Conformance Constraint Discovery: Measuring Trust in Data-Driven Systems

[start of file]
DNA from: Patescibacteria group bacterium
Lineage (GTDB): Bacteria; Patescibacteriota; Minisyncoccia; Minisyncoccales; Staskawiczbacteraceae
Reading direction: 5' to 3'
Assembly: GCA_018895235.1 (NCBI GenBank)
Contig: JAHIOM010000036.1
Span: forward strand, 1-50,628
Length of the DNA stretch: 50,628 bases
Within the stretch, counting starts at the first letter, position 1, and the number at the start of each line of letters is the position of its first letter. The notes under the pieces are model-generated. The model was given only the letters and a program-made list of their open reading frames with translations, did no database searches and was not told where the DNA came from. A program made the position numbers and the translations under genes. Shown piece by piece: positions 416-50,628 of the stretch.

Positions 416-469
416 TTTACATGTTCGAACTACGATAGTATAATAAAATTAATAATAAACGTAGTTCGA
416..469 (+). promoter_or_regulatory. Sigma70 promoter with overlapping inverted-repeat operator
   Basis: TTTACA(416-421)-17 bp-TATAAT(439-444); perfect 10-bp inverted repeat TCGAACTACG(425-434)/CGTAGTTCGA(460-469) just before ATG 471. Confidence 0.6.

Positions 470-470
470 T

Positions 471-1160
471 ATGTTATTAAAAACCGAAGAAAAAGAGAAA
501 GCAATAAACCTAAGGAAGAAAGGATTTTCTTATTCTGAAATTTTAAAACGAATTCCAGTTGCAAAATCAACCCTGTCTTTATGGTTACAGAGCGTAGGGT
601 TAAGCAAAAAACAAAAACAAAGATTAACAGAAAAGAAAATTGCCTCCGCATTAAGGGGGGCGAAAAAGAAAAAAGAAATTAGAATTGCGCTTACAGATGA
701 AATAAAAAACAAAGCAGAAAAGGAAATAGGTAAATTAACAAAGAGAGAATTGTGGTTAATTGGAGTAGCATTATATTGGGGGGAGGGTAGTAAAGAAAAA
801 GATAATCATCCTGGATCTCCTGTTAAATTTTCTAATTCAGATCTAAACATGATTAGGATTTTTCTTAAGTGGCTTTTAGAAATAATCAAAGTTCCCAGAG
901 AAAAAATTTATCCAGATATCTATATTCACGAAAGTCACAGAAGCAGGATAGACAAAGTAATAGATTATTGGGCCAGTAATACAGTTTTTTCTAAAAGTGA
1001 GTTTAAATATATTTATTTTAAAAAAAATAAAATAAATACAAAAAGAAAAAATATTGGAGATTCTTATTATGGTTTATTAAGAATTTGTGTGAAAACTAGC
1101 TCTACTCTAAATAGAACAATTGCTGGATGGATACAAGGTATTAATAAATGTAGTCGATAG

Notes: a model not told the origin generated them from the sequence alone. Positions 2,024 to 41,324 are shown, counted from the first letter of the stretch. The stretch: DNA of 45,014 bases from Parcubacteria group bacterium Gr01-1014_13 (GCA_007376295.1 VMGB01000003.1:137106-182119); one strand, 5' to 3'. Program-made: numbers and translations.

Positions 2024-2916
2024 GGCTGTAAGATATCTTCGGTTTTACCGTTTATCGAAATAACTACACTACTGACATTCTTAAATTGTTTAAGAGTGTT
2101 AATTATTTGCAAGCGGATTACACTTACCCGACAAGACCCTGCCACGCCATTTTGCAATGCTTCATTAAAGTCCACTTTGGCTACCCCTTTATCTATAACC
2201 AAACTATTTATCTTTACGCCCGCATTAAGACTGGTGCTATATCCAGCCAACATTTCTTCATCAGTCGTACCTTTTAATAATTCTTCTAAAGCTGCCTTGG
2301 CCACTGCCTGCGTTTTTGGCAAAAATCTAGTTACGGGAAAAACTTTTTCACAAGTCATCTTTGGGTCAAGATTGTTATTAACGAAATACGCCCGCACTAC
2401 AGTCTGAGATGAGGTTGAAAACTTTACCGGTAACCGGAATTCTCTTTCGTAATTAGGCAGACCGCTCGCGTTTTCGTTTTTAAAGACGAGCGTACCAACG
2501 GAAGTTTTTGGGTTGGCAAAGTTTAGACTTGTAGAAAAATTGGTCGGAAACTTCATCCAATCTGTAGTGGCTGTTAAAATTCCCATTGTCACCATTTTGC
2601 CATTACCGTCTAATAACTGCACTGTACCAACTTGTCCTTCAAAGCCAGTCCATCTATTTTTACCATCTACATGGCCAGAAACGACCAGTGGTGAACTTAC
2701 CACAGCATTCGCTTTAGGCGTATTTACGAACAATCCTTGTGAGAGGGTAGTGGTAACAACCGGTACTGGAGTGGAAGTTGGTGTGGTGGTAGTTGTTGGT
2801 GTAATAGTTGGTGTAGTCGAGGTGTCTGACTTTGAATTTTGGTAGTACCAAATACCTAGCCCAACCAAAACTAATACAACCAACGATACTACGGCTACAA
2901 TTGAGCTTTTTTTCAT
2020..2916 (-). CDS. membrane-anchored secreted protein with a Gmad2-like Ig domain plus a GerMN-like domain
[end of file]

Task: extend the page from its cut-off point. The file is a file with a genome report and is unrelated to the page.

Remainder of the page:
The reliability of inferences made by data-driven systems hinges on the data’s continued conformance to the systems’ initial settings and assumptions. When serving data (on which we want to apply inference) deviates from the profile of the initial training data, the outcome of inference becomes unreliable. We introduce conformance constraints, a new data profiling primitive tailored towards quantifying the degree of non-conformance, which can effectively characterize if inference over that tuple is untrustworthy. Conformance constraints are constraints over certain arithmetic expressions (called projections) involving the numerical attributes of a dataset, which existing data profiling primitives such as functional dependencies and denial constraints cannot model. Our key finding is that projections that incur low variance on a dataset construct effective conformance constraints. This principle yields the surprising result that low-variance components of a principal component analysis, which are usually discarded for dimensionality reduction, generate stronger conformance constraints than the high-variance components. Based on this result, we provide a highly scalable and efficient technique–linear in data size and cubic in the number of attributes–for discovering conformance constraints for a dataset. To measure the degree of a tuple’s non-conformance with respect to a dataset, we propose a quantitative semantics that captures how much a tuple violates the conformance constraints of that dataset. We demonstrate the value of conformance constraints on two applications: trusted machine learning and data drift. We empirically show that conformance constraints offer mechanisms to (1) reliably detect tuples on which the inference of a machine-learned model should not be trusted, and (2) quantify data drift more accurately than the state of the art.